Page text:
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So You Want to Play in a Band in the Piazza San Marco?

“It was our third time playing the Godfather theme since lunch …” begins the last of the five stories that make up Kazuo Ishiguro’s Nocturnes. Entitled “Cellists,” the story returns us to the Venice of the opening chapter and to one of the same bands whose members make their dreary living servicing one of the cafés on the Piazza San Marco with the appropriate aural ambience. But this “live” music—meant to provide an “authentic” experience for the crowds of visitors—is deadening to the performers themselves. Indeed, this is less musical performance than mechanical reproduction. These bands are practically machines, the players more often scanning the masses of tourists for a familiar face or useful distraction: “Look it’s Warren Beatty with 10,001… It’s Kissinger.” The imagination that should be engaged by music-making is instead numbed by it. It is a good opening line, conveying an immediate sense of the grind of serving as an ersatz CD looping back automatically to the beginning of the playlist. Yet, the lifers condemned to this sentence seem to take it with little complaint, taking solace perhaps in the camaraderie of Schadenfreude, when a musician tries to escape and fails.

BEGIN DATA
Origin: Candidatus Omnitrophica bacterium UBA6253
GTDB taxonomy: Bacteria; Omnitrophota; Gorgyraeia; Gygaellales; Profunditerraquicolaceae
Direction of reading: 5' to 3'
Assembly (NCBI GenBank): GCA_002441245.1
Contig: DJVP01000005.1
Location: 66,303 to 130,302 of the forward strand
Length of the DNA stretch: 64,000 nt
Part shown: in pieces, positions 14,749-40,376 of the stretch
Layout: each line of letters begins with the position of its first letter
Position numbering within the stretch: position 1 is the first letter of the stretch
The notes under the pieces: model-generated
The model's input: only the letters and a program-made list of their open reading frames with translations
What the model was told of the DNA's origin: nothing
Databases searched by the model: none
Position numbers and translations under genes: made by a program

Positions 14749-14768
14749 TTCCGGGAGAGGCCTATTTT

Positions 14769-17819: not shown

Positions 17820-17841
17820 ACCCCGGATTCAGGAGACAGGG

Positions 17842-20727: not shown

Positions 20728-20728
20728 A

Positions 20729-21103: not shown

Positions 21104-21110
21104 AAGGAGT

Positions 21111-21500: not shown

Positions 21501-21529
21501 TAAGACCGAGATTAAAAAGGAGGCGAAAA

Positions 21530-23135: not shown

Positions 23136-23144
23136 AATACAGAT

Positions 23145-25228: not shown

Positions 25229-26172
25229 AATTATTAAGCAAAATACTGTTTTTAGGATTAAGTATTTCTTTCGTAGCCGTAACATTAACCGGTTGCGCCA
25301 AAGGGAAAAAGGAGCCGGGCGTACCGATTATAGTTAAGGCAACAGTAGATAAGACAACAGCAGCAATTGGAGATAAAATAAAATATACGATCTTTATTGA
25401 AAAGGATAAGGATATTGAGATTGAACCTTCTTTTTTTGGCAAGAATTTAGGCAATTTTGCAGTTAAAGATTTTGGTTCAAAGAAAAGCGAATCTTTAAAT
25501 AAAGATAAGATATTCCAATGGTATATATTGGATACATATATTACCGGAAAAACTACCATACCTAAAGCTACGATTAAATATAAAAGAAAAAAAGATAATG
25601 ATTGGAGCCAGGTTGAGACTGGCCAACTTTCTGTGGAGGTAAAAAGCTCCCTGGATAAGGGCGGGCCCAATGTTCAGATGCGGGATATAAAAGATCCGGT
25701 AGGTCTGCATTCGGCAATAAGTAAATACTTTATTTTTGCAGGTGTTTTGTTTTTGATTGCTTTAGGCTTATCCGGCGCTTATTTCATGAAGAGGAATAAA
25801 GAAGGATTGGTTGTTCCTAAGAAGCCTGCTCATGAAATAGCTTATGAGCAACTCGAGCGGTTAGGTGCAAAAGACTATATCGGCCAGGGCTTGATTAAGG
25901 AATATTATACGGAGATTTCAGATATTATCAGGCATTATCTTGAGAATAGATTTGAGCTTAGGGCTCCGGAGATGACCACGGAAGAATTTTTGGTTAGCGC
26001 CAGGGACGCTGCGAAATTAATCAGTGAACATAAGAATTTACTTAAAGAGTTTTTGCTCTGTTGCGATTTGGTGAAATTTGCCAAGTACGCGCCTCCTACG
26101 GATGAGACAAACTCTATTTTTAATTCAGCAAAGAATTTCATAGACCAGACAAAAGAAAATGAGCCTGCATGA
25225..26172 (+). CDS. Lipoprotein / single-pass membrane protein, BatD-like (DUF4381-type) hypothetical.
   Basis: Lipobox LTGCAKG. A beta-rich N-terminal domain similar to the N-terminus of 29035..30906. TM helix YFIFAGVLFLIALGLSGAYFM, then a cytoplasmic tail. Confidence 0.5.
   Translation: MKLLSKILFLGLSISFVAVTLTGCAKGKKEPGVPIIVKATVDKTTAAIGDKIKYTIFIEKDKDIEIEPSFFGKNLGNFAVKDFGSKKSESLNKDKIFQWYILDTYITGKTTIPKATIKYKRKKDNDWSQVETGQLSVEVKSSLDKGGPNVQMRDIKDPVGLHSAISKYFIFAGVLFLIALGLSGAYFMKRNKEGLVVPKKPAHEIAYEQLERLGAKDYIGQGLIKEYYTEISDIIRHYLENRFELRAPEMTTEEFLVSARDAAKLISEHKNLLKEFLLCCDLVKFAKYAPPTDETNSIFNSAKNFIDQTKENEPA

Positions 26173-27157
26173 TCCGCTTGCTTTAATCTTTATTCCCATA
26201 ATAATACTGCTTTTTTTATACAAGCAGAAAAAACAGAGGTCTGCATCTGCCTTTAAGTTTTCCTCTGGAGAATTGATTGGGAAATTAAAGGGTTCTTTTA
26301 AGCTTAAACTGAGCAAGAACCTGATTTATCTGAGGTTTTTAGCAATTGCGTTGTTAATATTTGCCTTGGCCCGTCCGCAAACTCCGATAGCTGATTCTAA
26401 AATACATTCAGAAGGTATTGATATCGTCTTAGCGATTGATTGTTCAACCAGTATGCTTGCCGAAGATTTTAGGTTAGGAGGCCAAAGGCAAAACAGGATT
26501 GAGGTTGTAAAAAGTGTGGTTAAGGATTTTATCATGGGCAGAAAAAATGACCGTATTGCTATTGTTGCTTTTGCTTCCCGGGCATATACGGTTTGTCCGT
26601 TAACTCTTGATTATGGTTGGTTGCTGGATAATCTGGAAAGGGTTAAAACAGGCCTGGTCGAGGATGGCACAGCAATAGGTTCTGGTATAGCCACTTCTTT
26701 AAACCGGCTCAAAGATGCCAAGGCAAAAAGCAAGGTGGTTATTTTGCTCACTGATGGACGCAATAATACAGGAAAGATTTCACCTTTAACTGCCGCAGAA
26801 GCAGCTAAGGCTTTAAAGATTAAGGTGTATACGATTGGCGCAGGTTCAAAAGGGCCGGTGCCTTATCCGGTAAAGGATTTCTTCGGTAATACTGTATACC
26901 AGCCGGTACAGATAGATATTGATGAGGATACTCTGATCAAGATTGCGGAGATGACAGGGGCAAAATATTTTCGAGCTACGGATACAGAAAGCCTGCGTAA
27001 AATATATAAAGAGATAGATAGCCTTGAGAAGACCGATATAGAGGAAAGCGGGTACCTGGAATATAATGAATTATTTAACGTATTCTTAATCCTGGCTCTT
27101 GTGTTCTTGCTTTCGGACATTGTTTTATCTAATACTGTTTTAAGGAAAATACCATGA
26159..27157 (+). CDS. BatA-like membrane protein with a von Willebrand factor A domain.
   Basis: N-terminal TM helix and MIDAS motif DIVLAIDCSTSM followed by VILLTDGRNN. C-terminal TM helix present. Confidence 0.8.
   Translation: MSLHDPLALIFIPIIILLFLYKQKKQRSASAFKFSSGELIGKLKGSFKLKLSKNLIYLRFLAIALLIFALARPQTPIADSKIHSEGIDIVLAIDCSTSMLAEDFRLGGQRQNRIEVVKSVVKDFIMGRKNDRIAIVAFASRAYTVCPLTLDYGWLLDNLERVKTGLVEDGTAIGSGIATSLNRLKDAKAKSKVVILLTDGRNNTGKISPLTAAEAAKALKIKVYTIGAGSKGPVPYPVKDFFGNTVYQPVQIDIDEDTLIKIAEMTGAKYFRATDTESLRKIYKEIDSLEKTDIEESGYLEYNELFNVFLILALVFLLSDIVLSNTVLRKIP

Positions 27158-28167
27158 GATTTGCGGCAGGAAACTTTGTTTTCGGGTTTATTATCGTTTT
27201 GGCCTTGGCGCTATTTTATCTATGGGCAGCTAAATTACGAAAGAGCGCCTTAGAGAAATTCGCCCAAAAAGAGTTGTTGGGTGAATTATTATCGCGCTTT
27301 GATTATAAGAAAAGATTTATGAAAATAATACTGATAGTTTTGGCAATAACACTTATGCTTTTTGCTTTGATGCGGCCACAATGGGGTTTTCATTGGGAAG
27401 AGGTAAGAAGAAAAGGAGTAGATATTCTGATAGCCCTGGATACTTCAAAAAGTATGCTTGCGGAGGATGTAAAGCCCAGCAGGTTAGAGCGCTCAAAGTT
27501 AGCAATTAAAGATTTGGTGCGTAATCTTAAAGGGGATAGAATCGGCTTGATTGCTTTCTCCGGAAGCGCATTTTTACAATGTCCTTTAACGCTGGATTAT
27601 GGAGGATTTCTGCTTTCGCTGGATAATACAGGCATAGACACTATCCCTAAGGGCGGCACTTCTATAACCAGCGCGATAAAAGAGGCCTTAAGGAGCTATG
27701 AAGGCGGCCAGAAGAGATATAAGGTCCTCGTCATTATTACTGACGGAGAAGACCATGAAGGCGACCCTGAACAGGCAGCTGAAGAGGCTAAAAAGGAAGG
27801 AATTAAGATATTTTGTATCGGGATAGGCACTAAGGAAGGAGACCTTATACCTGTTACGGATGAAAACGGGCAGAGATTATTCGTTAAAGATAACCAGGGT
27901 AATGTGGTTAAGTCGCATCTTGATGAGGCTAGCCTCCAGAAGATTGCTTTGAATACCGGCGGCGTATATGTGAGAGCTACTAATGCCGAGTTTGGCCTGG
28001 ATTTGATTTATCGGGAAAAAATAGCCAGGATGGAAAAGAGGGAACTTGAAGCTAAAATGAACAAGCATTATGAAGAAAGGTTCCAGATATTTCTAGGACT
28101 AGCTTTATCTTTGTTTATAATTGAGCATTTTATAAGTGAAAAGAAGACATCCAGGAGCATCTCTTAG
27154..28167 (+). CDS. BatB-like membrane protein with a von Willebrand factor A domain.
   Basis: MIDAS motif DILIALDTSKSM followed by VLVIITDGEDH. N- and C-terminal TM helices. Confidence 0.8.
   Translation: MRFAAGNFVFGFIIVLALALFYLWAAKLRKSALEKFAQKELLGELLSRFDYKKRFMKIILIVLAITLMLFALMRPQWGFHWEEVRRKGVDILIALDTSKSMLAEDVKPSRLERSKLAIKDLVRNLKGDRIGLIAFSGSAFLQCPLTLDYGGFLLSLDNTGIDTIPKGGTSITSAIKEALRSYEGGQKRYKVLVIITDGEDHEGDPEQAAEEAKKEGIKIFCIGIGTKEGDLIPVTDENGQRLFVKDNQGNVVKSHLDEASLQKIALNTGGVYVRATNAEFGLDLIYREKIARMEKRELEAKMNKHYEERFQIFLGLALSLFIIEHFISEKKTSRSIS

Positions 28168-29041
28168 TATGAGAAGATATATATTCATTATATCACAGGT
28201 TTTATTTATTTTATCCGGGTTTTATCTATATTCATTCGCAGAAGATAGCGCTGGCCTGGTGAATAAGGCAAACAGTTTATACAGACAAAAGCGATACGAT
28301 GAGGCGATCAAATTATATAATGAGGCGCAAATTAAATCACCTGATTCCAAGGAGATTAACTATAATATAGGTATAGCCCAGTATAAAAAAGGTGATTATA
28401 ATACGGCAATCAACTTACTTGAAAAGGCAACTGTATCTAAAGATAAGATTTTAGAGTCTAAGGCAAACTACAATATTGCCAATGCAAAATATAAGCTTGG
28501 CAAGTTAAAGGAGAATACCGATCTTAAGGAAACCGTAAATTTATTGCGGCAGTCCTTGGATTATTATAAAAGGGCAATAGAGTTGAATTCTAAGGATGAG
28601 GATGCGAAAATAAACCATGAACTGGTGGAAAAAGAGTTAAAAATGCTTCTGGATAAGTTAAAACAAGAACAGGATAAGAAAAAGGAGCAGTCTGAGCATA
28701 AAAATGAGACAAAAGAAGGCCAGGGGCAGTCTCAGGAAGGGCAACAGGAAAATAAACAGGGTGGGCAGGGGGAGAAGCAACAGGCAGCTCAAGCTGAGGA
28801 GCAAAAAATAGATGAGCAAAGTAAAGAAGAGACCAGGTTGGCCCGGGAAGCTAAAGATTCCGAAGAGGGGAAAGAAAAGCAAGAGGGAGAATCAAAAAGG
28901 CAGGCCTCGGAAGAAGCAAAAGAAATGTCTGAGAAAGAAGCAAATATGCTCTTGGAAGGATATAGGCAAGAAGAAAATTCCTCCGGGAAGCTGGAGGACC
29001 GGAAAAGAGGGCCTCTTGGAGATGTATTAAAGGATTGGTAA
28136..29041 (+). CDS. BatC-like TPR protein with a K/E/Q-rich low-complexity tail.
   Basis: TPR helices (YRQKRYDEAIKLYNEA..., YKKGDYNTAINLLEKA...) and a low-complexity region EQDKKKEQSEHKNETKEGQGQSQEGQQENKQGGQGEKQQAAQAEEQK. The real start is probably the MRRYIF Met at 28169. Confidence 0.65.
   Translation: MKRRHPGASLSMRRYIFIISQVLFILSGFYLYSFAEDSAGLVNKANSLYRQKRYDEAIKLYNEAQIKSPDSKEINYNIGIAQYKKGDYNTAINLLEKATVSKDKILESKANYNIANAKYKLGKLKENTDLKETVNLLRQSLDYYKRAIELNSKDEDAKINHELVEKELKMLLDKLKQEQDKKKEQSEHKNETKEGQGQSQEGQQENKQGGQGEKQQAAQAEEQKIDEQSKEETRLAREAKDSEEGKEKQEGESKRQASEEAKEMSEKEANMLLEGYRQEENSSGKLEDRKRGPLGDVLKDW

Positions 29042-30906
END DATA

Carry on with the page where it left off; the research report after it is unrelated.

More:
Classical music figures prominently only in this last story, where it represents a kind of promised land. In this closing tale one of the musicians—a young Hungarian cellist—tries to break away from the daily grind and improve himself. He is coached by an American visitor who approaches him after having heard him play in a tourist concert in a church—a venue one step up, but only a low one, from the drudgery of the cafe. Presenting herself as musical guru, the American tourist convinces the young cellist to subject himself to intense coaching sessions that seem to explore the deeper metaphysics of music in contrast to the shallow and mindless repetitions of the piazza musicians. Their encounters amount to a parody of the transcendental communion between musical mentor and protégé. “He played some more, she talked again. Her words would always strike him as pretentious and far too abstract, but when he tried to accommodate them into his playing, he was surprised by the effect.” But even gullibility, the suggestibility can lead to greater heights of expression: music in this hackneyed view is a form of self-discovery. The cellist explains to his friends still laboring back on the piazza that “I could suddenly see something … A garden I’d not yet entered … A garden I’d never seen before.” Crossing the piazza later, the cellist grants himself “the luxury of an almond cake with whipped cream, his sense of elation barely contained.” He does not comment on the ubiquitous music that sifts through the air.